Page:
The ltrequency-changer tor the speed control of the motor t is shown at 8 and comprises a stator 9 and a rotor member or armature provided wi a commutator 10 and with slip rings 11. The machine 8 may assume a variety of forms, provided it be adapted to perlt'orm the tuncti us of a trequency-changer and may, for example, be constructed in accordance with the disclosure of U. S. Patent No. 682,9:l2. issued to the Nestinglrouse Flectric Manutacturine; Company on Sept. 17, 1901, upon an appli cation filed by B. Lainine. Briefly spiraling, a frequency converter of the character designated comprises essentially an armature the winding o't' which is connected both to the segments of the commutator and to appropriate slip rings. Elaid armature is driven at a speed corresponding to the diri erence in frequency between the input and the output frequencies, as is welldmown in the art. It. said'trequcncy changer is not ot' the Seltpropelled type, the stator thereof may be iuuyrovided with field windings in tact, the stator may be none away with entirely and an iron keeper or armature may rotate with the main armature to perform the function at the stator in closing the magnetic circuit. Y

The slip rings 6 of the main induction motor 4t are connected to the commutator 10 of the machine 8 and the slip rings '11 of the. machine 8 are connected to the system 7 through adjustable transformers 12-12 'lhe frequoncy-changer S is driven by a directcurrent motor 13 comprising an armature 14L and a field winding 15. Tlhe motor 13 is driven tronia suitable source 16. The current in the field winding 15 is adjusted by a variable resistor 17 mechanically coupled or otherwise arranged to be adjust. simultaneously with the trans'to 1212. The current supplied to the armature 1%, through a switch 3 is subject to control by an adjustable resistor 18 which. in turn, is under the control 01"- the core 19 of a solenoid receiving energy from the secondary winding 21 ot a current transformer 22, the primary winding 23 of which is inserted in one ot the main supply leads of the motor 4-. U

Having thus described the arrangement oil a system embodying our invention, the oper ation is as follows: the motor at started in any desired manner and brought up to the desired traction 0t synchronous speed. The motor 13 is energized and adjusted in speed by variation in the resistor 17 until the frequencychanger is properly operating to convert the energy derived from the secondary member of the induction motor 1 at slip frequency to the frequency of the supply system. The mechanical connection between the resistor 17 and the transformers 12 is such that, when the movable contact member of the resistor 17 occupies the proper position, the transformers l2'12 are also properly adjusted in transformation ratio to convert the current so JDllCtl to the sli r rings 11 to the voltage of the system 7.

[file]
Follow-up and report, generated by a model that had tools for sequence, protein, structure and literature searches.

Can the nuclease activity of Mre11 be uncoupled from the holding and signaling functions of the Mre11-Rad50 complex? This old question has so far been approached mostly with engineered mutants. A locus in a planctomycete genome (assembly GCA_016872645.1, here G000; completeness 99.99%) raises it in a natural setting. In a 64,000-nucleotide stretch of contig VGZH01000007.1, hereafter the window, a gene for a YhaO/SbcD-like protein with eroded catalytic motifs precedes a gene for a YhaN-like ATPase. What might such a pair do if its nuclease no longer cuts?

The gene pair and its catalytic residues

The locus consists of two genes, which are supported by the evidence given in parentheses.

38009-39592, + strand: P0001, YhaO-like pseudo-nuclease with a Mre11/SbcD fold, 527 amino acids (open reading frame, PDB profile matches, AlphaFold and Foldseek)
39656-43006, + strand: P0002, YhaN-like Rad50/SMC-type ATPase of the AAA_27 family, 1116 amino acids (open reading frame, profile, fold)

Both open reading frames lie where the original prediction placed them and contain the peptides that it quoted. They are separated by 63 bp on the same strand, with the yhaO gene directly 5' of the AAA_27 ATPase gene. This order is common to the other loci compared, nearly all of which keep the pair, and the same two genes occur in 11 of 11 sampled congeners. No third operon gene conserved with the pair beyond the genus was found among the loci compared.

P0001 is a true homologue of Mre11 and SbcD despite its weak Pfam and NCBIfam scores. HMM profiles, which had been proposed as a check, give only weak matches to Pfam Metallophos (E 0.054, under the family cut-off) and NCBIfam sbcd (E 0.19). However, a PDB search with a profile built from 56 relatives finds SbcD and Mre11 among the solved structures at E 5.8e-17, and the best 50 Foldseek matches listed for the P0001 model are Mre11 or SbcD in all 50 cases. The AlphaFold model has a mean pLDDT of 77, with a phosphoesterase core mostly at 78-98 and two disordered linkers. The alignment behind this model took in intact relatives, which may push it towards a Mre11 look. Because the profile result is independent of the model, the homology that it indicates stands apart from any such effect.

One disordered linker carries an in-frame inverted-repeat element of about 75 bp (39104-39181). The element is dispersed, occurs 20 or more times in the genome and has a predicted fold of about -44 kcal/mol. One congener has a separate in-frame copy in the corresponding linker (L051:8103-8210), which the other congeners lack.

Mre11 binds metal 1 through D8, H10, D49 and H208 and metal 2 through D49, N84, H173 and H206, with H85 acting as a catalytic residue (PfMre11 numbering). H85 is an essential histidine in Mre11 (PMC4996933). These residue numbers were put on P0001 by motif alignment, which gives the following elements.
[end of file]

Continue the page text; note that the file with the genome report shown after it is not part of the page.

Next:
lVhile, for simplicity, we have shown simple moving taps in the resistor 17 and in the transformers 12-12, we, preferably, in commercial operation, employ electrically .or pneumaticall operated switches for performing these functions, said switches being mechanically or electrically interlocred for simultaneous operation in order to obtain the desired etl'ects. the switches and interlocking systems employed. form no part of the present invention and it is, therefore, deemed unnecessary to give the same more than passing mention.

The automatic reduction in the speed oi. the :trequencyronverter 8 with a load increase on the main motor 4; is obtained as follows. The load increase produces an increase in the current flowing through the primary winding .23 of the traustormer 2'2, increasing the energization of the solenoid 20 and drawing the core member 19 to the left. This moves the contact member of the resistor 18 toward the right. inserting additional. resistance in series with the armature 14:, thus lowering the speed of the motor 13 and of the frequency-converter 8.

For over-synchronous operation, it is do siralole that the speed ot the Frequency changer be slightly increased upon an increase in the main motor load. For this purpose, n increased ei'iergizatiou ot' the solenoid 20 should decrease rather than increase the resistance in the armature circuit oi": the motor 13. During over-synchronous operation, tneretore, the switch 30 s 12 Hit o.

The specific details of Referring to the form of our invention shown in Fig. 2, the main essentials of the system are as heretofore shown and clescribed and like parts are similarly desig nated. The automatic speed reduction of the motor 13, upon an increase in the load of the main motor 4, is obtained, however, as follows: the driving motor is provided vith an auxiliary exciting field winding 2% in addition to the usual field winding 15, and said field winding 2st is energized from the secondary winding 21 of the transformer through a vapor converter 25 or other equivalent rectifying device. The field windings 15 and 24 are wound to assist each other. Vith these connections, an increase in load on the motor a increases the current supplied by the converter 25 to the field winding 2d and increases the total field strength of the motor 13, producing a de crease in the speed thereof, as is desired.

For ovr-synchronous operation, a reversing switch 32 is thrown to the dotted position, so that the winding 24 bucks or 0pposes the winding 15. Under these conditions, an increase in the main motor load increases the excitation and neutralizing action of the winding 2%, producing a decrease in the net or resultant field of the motor 13 and a resultant speed increase therein. as is desirable.